So instead I traveled to another Adirondack wilderness area, where my dog and I were able to enjoy another backpacking trip of comparable length. North Hudson’s loss was Wanakena’s gain.

    Therefore, as a 41-year-old addict of the wilderness experience, I can’t help but feel betrayed by the older generation of wilderness advocates currently at the head of the environmental organizations. There are four such groups in the Adirondacks, and although I used to actively participate in several I have withdrawn my support from all of them, because none represent my views.

    Issues like the Boreas Ponds road exemplify my dissatisfaction. This tract is one of the largest single acquisitions that we are likely to see for a long time. Only one corner of it abuts a public highway, and its key feature is miles from that nearest strip of pavement. The property fills the gap between three existing tracts of wild lands (High Peaks, Dix, and Vanderwhacker) and should therefore be an automatic candidate for wilderness. With no non-conforming uses in the interior, there should be no need for any non-conforming roads to service them.

    And yet our best wilderness advocates can’t get past the equation “access equals motor vehicles.” They have helped create a public expectation that Boreas Ponds will become a canoe destination once it is opened, and of course every canoe destination needs a canoe launch. Therefore we have Adirondack Wild, ADK, and the Council telling us that this brave new motorless wilderness would be incomplete without a motor vehicle road running straight down the middle of it!

    Snake oil, I say.

    Previous generations of wilderness advocates successfully fought to have roads and truck trails closed throughout most of the original wilderness areas. At the time of the original SLMP implementation in 1972, there were 34.3 miles of truck trails and 78.1 miles of jeep trails within the newly christened wildernesses–112.4 miles of preexisting roads that needed to be closed. Happily, most of those roads were closed, including the one to Duck Hole, located deep within another remote corner of the High Peaks Wilderness. It happened because the people of the day were dedicated to the cause of passing a wilder Adirondack Park to future generations.

    Forty-plus years later, we have wilderness advocates who want some of that mileage back! That is an issue in my book, as grave an indicator of the park’s future health as the APA’s recent SLMP amendment debacle. How can we expect the APA to make a stand in favor of wilderness when our own advocacy organizations are waffling on the issue? Motorless means no motors, regardless of whether you’re riding an Arctic Cat snowmobile or a Honda Civic with Hornbecks strapped to the roof.

    The real story behind the Boreas Ponds classification is that the issue was already resolved on March 4th, more than a week before the date on the state’s deed. That was when TNC granted easements to North Hudson and Newcomb to extract gravel from two interior pits on the property for the maintenance of the road system. At a meeting behind closed doors, with no public oversight, a wilderness classification was foreclosed over much of the property. And our advocacy groups had no influence on the process! There will be a vigorous public debate as always, and many moving essays here and in the pages of the Explorer (some by me, perhaps), but it will all be for naught because a wilderness classification south of the ponds was eliminated in the way the acquisition was structured.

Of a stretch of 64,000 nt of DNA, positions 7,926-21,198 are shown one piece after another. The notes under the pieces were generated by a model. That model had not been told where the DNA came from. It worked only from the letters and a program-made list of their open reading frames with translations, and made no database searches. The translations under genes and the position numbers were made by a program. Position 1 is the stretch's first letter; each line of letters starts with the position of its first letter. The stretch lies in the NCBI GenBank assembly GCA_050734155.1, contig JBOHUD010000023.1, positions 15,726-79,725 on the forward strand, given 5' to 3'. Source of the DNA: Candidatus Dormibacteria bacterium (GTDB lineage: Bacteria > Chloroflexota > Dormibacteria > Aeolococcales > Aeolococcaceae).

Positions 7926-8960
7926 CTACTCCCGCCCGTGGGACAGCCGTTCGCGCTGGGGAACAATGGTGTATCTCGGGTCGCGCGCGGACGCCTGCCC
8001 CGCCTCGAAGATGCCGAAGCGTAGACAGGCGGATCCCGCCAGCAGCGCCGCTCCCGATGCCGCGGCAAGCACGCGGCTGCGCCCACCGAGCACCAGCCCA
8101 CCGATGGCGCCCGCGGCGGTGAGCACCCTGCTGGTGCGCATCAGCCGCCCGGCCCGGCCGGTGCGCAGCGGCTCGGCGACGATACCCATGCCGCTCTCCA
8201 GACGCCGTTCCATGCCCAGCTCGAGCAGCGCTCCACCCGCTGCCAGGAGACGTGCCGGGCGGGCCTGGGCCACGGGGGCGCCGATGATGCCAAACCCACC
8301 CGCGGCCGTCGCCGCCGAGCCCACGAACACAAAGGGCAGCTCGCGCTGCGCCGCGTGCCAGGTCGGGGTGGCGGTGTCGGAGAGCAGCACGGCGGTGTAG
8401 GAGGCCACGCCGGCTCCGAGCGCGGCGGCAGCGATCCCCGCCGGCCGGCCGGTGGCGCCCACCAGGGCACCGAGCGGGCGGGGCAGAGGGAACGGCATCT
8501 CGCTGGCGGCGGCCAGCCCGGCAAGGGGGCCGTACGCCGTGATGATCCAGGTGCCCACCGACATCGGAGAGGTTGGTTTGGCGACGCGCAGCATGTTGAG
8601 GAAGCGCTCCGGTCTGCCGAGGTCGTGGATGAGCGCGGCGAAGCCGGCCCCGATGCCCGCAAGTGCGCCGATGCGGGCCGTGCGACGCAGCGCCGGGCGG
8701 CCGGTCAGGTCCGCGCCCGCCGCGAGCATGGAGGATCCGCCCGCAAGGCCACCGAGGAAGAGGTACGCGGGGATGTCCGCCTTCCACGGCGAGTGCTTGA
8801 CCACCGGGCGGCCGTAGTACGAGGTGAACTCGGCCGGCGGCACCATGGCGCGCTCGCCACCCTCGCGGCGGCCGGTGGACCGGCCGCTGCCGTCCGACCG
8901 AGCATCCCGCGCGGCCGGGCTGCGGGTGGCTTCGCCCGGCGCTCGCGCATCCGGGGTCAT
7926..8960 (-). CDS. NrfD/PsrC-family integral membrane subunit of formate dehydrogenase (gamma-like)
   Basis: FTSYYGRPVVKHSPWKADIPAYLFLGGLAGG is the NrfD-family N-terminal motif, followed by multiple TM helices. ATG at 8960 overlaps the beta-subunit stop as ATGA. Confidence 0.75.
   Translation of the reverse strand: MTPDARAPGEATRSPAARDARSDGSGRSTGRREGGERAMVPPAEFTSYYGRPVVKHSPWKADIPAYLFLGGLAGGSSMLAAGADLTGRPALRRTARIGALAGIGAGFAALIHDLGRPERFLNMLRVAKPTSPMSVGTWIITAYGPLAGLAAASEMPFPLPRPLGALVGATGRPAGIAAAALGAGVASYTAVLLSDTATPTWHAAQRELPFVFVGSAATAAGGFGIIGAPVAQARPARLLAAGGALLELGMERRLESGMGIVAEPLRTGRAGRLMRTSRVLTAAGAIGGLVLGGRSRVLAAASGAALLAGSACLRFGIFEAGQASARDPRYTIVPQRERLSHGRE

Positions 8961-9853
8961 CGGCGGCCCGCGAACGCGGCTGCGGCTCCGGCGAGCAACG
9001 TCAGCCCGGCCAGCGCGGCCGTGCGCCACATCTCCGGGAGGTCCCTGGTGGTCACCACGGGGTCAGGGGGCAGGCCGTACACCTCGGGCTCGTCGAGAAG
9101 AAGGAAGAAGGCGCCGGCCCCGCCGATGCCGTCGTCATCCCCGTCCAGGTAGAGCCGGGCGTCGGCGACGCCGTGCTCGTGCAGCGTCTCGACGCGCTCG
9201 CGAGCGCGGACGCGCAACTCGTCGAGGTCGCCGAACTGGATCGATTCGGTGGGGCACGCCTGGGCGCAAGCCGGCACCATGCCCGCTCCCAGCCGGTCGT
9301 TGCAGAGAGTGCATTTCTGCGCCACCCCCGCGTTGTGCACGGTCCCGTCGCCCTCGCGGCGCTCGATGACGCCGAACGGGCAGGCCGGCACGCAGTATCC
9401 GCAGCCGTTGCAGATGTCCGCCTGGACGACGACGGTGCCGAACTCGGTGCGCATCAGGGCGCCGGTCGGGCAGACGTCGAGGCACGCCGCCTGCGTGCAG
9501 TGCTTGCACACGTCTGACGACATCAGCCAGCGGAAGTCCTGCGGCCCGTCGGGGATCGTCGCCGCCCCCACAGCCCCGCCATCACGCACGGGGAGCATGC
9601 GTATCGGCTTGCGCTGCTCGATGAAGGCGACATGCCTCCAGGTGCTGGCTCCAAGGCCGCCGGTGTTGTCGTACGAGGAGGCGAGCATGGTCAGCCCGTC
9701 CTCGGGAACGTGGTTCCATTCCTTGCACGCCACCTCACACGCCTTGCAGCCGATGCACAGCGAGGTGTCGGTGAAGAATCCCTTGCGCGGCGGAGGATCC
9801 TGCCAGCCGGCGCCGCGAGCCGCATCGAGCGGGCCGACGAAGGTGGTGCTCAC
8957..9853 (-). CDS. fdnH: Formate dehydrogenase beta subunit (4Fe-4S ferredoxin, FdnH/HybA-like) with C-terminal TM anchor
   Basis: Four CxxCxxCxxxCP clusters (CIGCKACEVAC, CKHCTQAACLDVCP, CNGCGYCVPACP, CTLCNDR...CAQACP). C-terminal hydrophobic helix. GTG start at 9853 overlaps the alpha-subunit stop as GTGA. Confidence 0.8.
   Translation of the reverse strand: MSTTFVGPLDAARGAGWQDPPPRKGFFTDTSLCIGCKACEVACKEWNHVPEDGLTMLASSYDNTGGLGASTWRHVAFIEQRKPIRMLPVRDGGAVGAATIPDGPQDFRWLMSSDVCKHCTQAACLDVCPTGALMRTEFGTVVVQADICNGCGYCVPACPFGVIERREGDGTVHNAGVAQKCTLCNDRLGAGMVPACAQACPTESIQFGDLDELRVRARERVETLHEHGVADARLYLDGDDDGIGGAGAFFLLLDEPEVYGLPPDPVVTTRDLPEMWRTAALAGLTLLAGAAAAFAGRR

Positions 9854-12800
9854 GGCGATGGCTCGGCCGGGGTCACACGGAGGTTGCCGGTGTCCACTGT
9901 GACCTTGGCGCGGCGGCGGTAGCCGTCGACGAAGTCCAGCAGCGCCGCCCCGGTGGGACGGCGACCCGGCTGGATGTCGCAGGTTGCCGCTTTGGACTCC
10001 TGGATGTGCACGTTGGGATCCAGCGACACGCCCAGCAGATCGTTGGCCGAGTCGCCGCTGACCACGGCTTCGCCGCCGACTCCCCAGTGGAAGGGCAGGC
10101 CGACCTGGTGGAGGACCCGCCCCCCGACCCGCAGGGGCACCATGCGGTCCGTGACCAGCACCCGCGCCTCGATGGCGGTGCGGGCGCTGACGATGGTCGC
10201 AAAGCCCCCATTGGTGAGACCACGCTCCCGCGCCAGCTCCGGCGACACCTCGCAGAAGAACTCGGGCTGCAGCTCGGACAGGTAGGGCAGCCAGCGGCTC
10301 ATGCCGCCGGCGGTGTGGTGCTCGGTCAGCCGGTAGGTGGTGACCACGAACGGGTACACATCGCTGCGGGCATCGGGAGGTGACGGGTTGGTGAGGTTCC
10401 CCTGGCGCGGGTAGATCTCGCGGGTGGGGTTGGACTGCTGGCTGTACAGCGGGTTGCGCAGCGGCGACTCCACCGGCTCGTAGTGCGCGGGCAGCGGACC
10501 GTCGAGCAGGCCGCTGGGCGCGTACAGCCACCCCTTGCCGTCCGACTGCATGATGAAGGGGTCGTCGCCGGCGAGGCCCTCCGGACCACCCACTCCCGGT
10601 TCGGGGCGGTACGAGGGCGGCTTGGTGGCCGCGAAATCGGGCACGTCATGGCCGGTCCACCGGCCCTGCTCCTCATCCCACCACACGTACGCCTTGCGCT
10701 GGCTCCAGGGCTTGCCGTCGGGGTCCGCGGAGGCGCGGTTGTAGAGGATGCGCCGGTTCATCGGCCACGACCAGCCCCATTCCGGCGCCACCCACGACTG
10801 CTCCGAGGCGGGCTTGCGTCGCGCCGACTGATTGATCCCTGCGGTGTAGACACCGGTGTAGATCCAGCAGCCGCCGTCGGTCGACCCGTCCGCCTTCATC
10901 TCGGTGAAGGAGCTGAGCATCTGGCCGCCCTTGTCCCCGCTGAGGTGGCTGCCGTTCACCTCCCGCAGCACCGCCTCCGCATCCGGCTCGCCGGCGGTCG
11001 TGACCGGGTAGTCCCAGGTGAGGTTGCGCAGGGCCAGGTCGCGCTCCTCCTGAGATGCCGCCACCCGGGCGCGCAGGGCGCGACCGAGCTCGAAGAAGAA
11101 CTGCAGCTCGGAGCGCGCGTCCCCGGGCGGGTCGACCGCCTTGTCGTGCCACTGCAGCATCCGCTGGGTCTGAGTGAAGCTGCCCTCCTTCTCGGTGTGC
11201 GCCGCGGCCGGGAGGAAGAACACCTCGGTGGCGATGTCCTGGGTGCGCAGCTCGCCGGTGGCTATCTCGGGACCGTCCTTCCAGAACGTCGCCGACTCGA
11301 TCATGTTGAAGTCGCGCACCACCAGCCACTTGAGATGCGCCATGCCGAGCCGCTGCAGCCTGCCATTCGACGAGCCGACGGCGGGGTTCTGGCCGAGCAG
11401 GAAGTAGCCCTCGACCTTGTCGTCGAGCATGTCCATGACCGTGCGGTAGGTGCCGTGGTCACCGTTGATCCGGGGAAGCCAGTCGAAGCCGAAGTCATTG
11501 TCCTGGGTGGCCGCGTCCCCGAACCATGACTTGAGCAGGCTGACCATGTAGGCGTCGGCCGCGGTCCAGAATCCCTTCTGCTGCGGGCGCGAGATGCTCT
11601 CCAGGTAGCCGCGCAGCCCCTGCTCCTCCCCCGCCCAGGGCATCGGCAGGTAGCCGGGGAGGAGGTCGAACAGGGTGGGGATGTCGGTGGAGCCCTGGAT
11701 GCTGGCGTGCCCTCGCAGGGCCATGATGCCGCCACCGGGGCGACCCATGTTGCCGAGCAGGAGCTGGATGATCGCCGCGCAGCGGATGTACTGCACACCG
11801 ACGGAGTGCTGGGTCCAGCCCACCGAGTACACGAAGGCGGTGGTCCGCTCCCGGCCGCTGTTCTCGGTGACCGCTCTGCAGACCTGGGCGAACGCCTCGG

Sorry for the long rant, but I have found this entire process disgusting. If the pro-wilderness groups are advocating for a road straight through the heart of the largest, most wilderness-qualified property we are likely to ever see, then we will never have another new roadless area in the Adirondacks again. It suggests that we have aged into a period when we want the “aura” associated with the wilderness “brand,” but we no longer want to sweat for the experience.

    Bullpucky.

    This weekend I hiked nearly six miles to a campsite on a beautiful, remote pond. I saw only a handful of people the entire time and had myself one hell of a weekend. My car stayed at the wilderness boundary, where it rightfully belonged. Lest we forget, that’s what a wilderness experience is. That’s the way it’s supposed to be, because REAL WILDERNESS AREAS HAVE NO MOTORS! That last point should be non-negotiable and self-evident. I regret the need to point it out to professionals who should know better, and I resent the fact that respected leaders are trying to educate me on a point I already know to be false.

    Acquiring land merely protects the trees. Wilderness protects the intangibles–but only if it’s done right. If you really want the Boreas Ponds tract to become a source of endearing wilderness experiences for current and future generations, then you must be prepared to accept all that that entails. Add a road to the mix, and you’ve just created a de fact wild forest.

    • Hope says:

      I too had a fabulous weekend. I road 8 miles, on an ATV, into our small cabin, on a closed ( to cars/trucks for spring) woods road. Spent the night in a rustic cabin with no plumbing but a generator. Climbed and bushwhacked up a small mountain for about 6 miles for a fabulous view. A friend also road in on their mountain bike as well, saw a few others who had come into camp to fish via ATV.
      There was plenty of deer sign, some moose tracks sited but no bears so far. Brook trout starting to bite. Saw maybe 8 people but there were at least 15 trucks parked at the beginning of the road with trailers.